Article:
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THEOLOGY > Sin > Man's Disobedience > Probation 


PROBATION 

And YHWH God commanded the man, saying,
“You may surely eat of every tree of the garden,
but of the tree of the knowledge of good and evil
you shall not eat,
for in the day that you eat of it
you shall surely die.”
Gen. 2:16-17

After the command was given by God and before the sin of Adam and Eve (see: God's Command), there was a period of probation, a period of trial, a time of testing to determine if the newly created couple would obey their Creator or seek to determine their own destiny. Would there be submission to God, or would there be an assertion of personal autonomy?

The probationary period was not just for Adam but also for the race; this is true because of Adam’s identification with the race and the consequences that his decision would have for the entire race that would come from him. God established the test so that it would determine for Adam and his descendants whether they would exist in a state of life or whether all people would experience a state of death.

During the probation, which was for a very brief period, Adam enjoyed a state wherein he  was righteous and free from sin and its damning consequences. He had been created with goodness and had a bias directed toward the good (see: Morally Upright). He was created upright with a knowledge of God and God’s Word, having a clear understanding of God’s command that had been given to him—he knew God’s will and God’s law (see: Innate Knowledge and Intellectually Astute). There was no corruption in him; for he was made in the image of God, and he was made “very good” (see: Created by God, Image of God, and Morally Upright).

But the goodness that was his could be lost; his spiritual life was not immutable. God did not create him with the intent that he would remain unchanged; it was not good in God’s sight to create Adam in a righteous state with immutability. Rather Adam was created mutable (see: Mutable), for God can do as He pleases and what He does is right.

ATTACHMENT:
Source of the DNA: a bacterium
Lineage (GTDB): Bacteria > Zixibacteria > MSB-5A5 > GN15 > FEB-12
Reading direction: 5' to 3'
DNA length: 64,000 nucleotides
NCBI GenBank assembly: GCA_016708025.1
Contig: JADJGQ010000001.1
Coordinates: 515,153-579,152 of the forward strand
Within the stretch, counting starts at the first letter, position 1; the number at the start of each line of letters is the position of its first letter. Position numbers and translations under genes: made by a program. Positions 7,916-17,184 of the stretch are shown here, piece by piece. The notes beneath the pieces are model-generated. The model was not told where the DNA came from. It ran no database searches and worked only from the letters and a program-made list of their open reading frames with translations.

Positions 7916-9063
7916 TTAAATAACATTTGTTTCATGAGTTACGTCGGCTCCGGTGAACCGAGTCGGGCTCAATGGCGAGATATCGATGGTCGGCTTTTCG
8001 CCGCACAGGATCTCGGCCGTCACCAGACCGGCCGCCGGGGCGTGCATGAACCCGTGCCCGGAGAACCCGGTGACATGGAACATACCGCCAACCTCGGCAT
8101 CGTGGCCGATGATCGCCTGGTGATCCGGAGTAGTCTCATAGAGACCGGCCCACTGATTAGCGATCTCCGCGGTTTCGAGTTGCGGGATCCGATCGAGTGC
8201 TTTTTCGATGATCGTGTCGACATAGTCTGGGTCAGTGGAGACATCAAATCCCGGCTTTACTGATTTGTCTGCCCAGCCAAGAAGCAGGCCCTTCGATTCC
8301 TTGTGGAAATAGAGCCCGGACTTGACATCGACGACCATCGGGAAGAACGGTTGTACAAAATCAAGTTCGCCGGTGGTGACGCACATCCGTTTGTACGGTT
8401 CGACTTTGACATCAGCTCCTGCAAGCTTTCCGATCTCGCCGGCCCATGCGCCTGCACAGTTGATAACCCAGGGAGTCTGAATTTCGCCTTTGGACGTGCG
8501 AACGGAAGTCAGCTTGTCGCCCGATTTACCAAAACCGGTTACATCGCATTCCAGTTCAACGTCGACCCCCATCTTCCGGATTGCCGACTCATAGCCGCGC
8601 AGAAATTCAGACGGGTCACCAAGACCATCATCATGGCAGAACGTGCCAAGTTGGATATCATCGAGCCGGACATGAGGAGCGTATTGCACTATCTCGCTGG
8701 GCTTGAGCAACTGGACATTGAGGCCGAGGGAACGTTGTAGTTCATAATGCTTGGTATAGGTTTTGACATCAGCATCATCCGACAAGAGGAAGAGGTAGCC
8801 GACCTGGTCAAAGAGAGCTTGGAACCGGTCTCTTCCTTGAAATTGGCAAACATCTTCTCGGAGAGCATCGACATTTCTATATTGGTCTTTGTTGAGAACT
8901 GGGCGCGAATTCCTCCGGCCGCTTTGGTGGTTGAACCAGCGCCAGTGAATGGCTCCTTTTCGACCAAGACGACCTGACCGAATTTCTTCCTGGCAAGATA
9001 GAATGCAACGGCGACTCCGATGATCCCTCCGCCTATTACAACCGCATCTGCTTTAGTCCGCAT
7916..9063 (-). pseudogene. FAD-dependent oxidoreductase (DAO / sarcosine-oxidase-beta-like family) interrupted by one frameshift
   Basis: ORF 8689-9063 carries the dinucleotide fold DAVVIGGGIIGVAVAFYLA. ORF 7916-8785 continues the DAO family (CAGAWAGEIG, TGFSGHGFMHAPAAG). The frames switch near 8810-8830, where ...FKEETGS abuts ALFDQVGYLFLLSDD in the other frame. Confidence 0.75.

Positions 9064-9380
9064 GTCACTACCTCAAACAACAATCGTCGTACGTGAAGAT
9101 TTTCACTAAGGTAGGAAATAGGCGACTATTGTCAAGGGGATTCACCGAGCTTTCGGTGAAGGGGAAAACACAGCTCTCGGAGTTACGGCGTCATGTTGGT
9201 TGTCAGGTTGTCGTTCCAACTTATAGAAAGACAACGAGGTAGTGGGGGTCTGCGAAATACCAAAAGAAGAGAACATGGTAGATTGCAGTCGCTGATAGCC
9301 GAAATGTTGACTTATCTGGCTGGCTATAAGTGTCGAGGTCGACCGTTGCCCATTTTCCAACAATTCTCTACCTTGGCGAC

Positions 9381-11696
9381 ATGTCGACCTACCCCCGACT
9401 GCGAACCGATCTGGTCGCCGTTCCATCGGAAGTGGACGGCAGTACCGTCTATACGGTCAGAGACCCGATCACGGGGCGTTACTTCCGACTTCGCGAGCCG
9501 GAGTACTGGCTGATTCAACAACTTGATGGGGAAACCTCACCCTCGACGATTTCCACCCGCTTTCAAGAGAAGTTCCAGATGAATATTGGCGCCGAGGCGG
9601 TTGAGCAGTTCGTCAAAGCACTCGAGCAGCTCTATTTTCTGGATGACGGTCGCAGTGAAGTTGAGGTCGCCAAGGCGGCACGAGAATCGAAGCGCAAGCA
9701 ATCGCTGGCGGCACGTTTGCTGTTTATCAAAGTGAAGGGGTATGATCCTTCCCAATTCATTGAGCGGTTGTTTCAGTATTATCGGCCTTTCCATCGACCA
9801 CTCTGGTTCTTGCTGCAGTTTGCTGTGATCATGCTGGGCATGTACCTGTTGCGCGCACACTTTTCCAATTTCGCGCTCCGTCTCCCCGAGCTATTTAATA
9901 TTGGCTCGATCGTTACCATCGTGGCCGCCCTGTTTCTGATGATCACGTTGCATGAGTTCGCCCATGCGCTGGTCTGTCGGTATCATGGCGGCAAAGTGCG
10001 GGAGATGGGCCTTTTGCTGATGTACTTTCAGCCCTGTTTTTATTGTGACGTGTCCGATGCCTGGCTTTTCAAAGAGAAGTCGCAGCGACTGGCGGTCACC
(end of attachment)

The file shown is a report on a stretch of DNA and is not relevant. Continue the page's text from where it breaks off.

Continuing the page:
Adam could obey God and continue in his righteous state, or he could rebel against God and lose that which he had been given. And the two options were related to a tree. The tree was not a special tree; it could have been any tree that God chose by which to test Adam—it  was sinful to eat because God said it was sinful to eat. The uniqueness of the tree resided in the precept that was attached to it, not in any particular fruit it contained. To eat of the tree was to come to know good and evil by moral experience.

Adam’s choice during this probationary period would result in either life or death for himself and for the race that was identified with him (see: The Principle of Identification and Representative). It was possible for him to be confirmed either in the state of righteousness the he enjoyed or to be confirmed in a state of depravity that would come to him if he disobeyed God. The time of probation was terminated by Adam’s sin and the statement and action of God following his sin:

Then YHWH God said, “Behold, the man has become like one of us in knowing good and evil. Now, lest he reach out his hand and take also of the tree of life and eat, and live forever.” Therefore YHWH God sent him out from the garden of Eden to work the ground from which he was taken. He drove out the man, and at the east of the garden of Eden he placed the cherubim and a flaming sword that turned every way to guard the way to the tree of life (Gen. 3:22-24).

Some writers speak of this probationary period as a vital element of what is known as the Covenant of Life or the Covenant of Works, consisting of the following points: 1. God entered into a covenant with Adam; 2. Life constituted the promise; 3. Obedience was the condition; and 4. Death was the penalty.

But this study is suggesting that perhaps a better approach is to use the concept of identification as the means by which to understand Adam in the Garden and his relationship to the race. Part of the reason for doing so is the insufficient evidence in the text to suggest a formal covenant between God and Adam. Though the four aspects listed above are in the text, they should not be set in the context of a covenant. Rather they simply constitute God’s instruction and warning to the newly created man (see: The Principle of Identification).


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